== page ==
Stop means STOP

Stop means STOP

Police are warning motorists in Paynesville to be mindful of obeying road traffic signs in the streets.

The message comes as police are continuing to book motorists who are failing to come to a full stop at intersections bearing stop signs.

Police have recently had a field day in Paynesville’s hotspots bolstering the state government’s coffers.

The Advertiser observed police in action on King Street last week, in which motorists repeatedly failed to stop their vehicles at clearly marked stop signs that intersected with the street.

Most of the offenders were drivers traversing Wellington Street.

On the approach to King Street, they are required to come to a complete stop before turning left or right.

Leading Senior Constable, Russell Hodge, said most drivers tended to do “a bunny hop” or simply “roll straight through” the intersection.

“The level of compliance is really quite low,” Snr Constable Hodge said.

“Motorists tend to treat it like a give way sign.” Police revealed that when motorists are pulled over and told they haven’t stopped, they usually respond that they have.

“So it’s interesting this perception that they think they have stopped.”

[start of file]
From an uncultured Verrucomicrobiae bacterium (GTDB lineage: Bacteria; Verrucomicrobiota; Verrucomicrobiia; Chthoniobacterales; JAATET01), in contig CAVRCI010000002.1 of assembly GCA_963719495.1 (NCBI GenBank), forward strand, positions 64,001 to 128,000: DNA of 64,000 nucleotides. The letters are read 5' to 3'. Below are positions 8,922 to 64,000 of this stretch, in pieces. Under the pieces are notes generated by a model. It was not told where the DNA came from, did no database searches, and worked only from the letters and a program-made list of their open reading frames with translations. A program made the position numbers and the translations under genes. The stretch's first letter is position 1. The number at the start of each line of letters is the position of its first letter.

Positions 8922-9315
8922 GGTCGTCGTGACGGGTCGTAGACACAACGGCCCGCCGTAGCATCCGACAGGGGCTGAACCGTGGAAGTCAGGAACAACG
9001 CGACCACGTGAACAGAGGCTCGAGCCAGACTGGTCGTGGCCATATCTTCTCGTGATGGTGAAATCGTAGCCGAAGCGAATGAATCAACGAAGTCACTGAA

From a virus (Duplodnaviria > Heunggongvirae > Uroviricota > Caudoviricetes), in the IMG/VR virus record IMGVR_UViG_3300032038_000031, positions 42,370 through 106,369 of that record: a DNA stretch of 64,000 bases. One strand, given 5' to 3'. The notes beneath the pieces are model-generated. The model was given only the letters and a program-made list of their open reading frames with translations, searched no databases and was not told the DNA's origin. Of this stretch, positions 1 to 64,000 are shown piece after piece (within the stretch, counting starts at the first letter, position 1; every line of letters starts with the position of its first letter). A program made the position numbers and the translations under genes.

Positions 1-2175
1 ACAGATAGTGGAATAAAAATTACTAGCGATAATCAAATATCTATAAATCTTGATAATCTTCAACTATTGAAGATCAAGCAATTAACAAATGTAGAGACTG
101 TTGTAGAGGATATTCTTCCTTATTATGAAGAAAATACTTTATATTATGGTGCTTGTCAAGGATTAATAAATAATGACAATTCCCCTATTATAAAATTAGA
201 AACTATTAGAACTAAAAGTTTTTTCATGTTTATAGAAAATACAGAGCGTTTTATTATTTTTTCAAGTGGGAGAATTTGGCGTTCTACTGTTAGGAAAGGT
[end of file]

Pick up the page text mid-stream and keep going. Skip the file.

Police have started recording the intersections in question so they can show motorists that they in fact haven’t come to a complete stop as required by law.

Leading Senior Constable, Roni Forai, said she observed four cars within the space of 15 minutes, on one day recently, which had travelled through the intersection without stopping.

“When I inquired why, most of the responses where ‘what stop sign?’, Snr Constable Forai said.

She attributes the blatant rule breaking to road complacency, but remains frustrated that a major cause of road accidents happen at intersections.

“There’s a solid white line there and a big ‘STOP’ written in capital letters but still they travel through it,” she said.

“We frankly don’t want to go to anymore collisions.”

Police have also warned they will be monitoring speed as drivers enter Paynesville.

The speed coming into Paynesville is 60kph, but many drivers are being detected travelling in the mid to high 80kph range.

“At the end of the day, we just want everyone to get home safely,” Snr Constable Forai, said.

IMAGE: Police in Paynesville pull over motorists in King Street for failing to properly stop at clearly marked stop signs. K314-6387